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DR BILL'S PRODUCTS: NUTRIMEDS
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ARTHRIT-X 60 VEGGIE CAPS $49.95
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Common Uses: CLINICAL APPLICATIONS:
Supports Joint Comfort and Mobility*
• Has a Protective Effect on Endogenous Type II Collagen*
• Modulates Immune Cell and Cytokine Activity in Joints* 

Arthrit-X provides a proprietary blend of ingredients that specifically targets tissues, immune cells, and cytokines in joints. Type ll collagen is the main structural protein in cartilage, and research suggests that low-dose, native-form type II collagen—as found in b-2Cool ®—positively influences the immune response in joints via a mechanism called oral tolerization (a desensitization process). Xanthohumol, from hops, and hesperidin complement the activities of b-2Cool to deliver specialized joint support. Let Arthrit-X help you stay active and moving!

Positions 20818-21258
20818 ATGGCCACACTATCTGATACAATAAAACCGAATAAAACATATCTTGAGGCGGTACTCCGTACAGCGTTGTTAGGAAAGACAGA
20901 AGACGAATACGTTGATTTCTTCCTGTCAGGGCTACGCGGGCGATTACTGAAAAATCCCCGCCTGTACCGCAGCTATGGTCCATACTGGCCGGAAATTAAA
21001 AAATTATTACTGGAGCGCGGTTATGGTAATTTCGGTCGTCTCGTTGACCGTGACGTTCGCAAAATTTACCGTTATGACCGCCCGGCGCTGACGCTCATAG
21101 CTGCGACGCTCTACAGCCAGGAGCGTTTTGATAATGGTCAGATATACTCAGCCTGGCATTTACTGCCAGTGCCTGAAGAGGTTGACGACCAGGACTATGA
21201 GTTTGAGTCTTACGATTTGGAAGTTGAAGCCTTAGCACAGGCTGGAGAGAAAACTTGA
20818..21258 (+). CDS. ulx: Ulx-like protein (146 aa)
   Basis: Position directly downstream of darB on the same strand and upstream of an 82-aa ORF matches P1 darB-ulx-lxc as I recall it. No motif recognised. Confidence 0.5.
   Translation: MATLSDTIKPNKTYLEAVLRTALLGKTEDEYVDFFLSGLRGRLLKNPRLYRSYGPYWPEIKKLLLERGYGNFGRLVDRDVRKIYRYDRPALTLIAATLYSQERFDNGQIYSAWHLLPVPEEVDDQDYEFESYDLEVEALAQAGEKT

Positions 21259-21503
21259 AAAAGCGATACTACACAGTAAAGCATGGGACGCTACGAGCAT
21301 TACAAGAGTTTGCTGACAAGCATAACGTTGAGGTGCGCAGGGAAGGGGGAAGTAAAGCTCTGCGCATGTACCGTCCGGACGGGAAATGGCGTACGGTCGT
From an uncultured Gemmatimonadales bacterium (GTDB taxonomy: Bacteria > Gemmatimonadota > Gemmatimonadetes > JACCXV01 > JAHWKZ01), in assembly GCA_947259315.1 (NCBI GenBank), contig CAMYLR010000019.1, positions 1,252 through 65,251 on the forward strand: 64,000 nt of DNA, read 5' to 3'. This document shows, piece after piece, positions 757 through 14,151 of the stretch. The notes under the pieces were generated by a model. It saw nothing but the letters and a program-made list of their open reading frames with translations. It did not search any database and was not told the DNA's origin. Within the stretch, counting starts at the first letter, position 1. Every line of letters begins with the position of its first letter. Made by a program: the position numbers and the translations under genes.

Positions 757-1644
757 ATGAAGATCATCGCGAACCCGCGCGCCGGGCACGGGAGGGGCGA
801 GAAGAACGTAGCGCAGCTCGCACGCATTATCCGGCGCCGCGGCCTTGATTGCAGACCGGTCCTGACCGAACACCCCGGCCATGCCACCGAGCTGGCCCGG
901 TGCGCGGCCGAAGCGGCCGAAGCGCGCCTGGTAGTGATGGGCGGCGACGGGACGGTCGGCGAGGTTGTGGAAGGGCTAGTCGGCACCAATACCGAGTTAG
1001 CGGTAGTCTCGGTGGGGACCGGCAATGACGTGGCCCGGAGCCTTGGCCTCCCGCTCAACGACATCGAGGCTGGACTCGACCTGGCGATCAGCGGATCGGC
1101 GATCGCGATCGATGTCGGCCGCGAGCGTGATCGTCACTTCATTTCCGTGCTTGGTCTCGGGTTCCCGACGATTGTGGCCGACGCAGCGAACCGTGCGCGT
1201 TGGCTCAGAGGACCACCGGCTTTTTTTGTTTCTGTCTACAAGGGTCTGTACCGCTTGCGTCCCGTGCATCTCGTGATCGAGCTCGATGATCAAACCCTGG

Type II Collagen Type II collagen (CII) is the most abundant structural protein in cartilage. It provides tensile strength and toughness to the tissue. In some individuals, immune responses to endogenous CII may impact joint cartilage integrity and joint comfort. However, researchers have discovered that a repetitive low dose of chicken or bovine CII—when taken orally and in its native form—is able to support a naturally balanced and healthy joint environment in such individuals.[1-3] This is accomplished through a natural mechanism called oral tolerization (or “oral tolerance”), which supports the body’s desensitization process to a specific antigen—in this case, CII.[3] Oral tolerization using CII essentially works as follows: • Orally administered native CII enters the Peyer’s patches (immune surveillance structures) in the gut-associated lymphoid tissue (GALT).* • Dendritic cells in the GALT take up the CII and present it to T-cells to produce regulatory T-cells.* • Regulatory T-cells change specific systemic immune responses via the production of certain regulatory cytokines (e.g., TGF-beta 1, IL-10 and IL-4).* • Systemic immune tolerance to CII is induced by the body and endogenous CII is naturally protected.* Human trials have been conducted to study the effects of oral CII in joint health.[4-8] In a multicenter, double-blind, placebo-controlled trial, 205 individuals were enrolled at six different sites and randomized to receive a placebo or an oral dose (20, 100, 500, or 2,500 mcg) of CII for 24 weeks. Efficacy was assessed monthly, and responses were analyzed utilizing three sets of criteria. Positive effects were observed at the lowest dose of CII, and no side effects were detected.[6] Trentham et al found beneficial effects on the size and comfort of joints in a randomized, double-blind, placebocontrolled trial involving 60 patients who were given 100-500 mcg/d of chicken CII for three months.[2] Ausar et al found beneficial effects in 90% of the subjects who received 0.5 mg/day of CII for 12 weeks.[5] Conversely, another 12-week study found no significant difference in benefit between three groups (placebo, 10 mg/d of CII, 1 mg/d of CII).There was, however, a higher prevalence of responders in the CII groups.[7] Researchers have noted that differences in study results may be related to the dose, species, and formulation of the CII.*[8] b-2Cool® B-2Cool is a specially developed native CII that is extracted from chicken sternums. Its manufacturing process is strictly controlled to preserve the triple helix structure of the molecule and the specific epitopes of the native protein that are thought to account for maximum effectiveness.* Pre-Clinical Study In an experimental study performed in rats, orally administered b-2Cool (1-10 mg/kg) had positive effects on cytokine (interleukin [IL]-1 beta) production as well as comfort, as measured by a paw pressure test at days seven and 14. The lower dose displayed effectiveness at day 14. Repeated administration of the b-2Cool supported healthy spontaneous motility and preserved endogenous collagen from damage. Efficacy was comparable to that induced by 250 mg/kg/d of glucosamine.*[9] Human Study Bakilan et al demonstrated a superior effect, compared to baseline, of b-2Cool (10 mg/d) combined with a standard intervention versus the standard intervention alone. In this three-month clinical study (n = 39), significant results in comfort and mobility were achieved in the group taking the combination. The researchers concluded that “native type II collagen can afford additional benefit to conventional therapy.”*[10] Hesperidin Free radicals that are released by activated neutrophils and produced by other biochemical pathways can play a significant role in joint cartilage changes. As a citrus bioflavonoid, hesperidin (HES) has been studied for its positive effects on free radical production, COX-2 gene expression, and cytokine balance. [11-13] HES is often combined with other natural and standard joint health agents.[14,15] Animal models have demonstrated that administration of hesperidin leads to significant improvements in biochemical and histological features of experimentally challenged joint tissues.[12,16] Hesperidin administration is associated with the suppression of T-lymphocyte proliferation and IL-2 production as well as downregulation of IL-1, IL-6, and tumor necrosis factor-alpha.*[13] Xanthohumol Research suggests that hop extract, particularly xanthohumol (XN), helps support eicosanoid and cytokine balance and joint health.[17-20] Specifically, XN has been found to be superior to other hops-derived compounds (including isoxanthohumol) for inhibiting hyaluronic acid export, supporting proteoglycan and collagen homeostasis, and supporting cytokine balance in bovine chondrocytes.[18] XN appears to suppress production of nitric oxide, IL-1 beta, and TNFalpha; induce nuclear translocation of Nrf2 (nuclear factor erythroid 2-related factor 2); and increase cellular glutathione.[21] Furthermore, XN appears to confer additional support for cytokine balance by downregulating cellular toll-like receptor 4 (TLR4) protein content.*[22]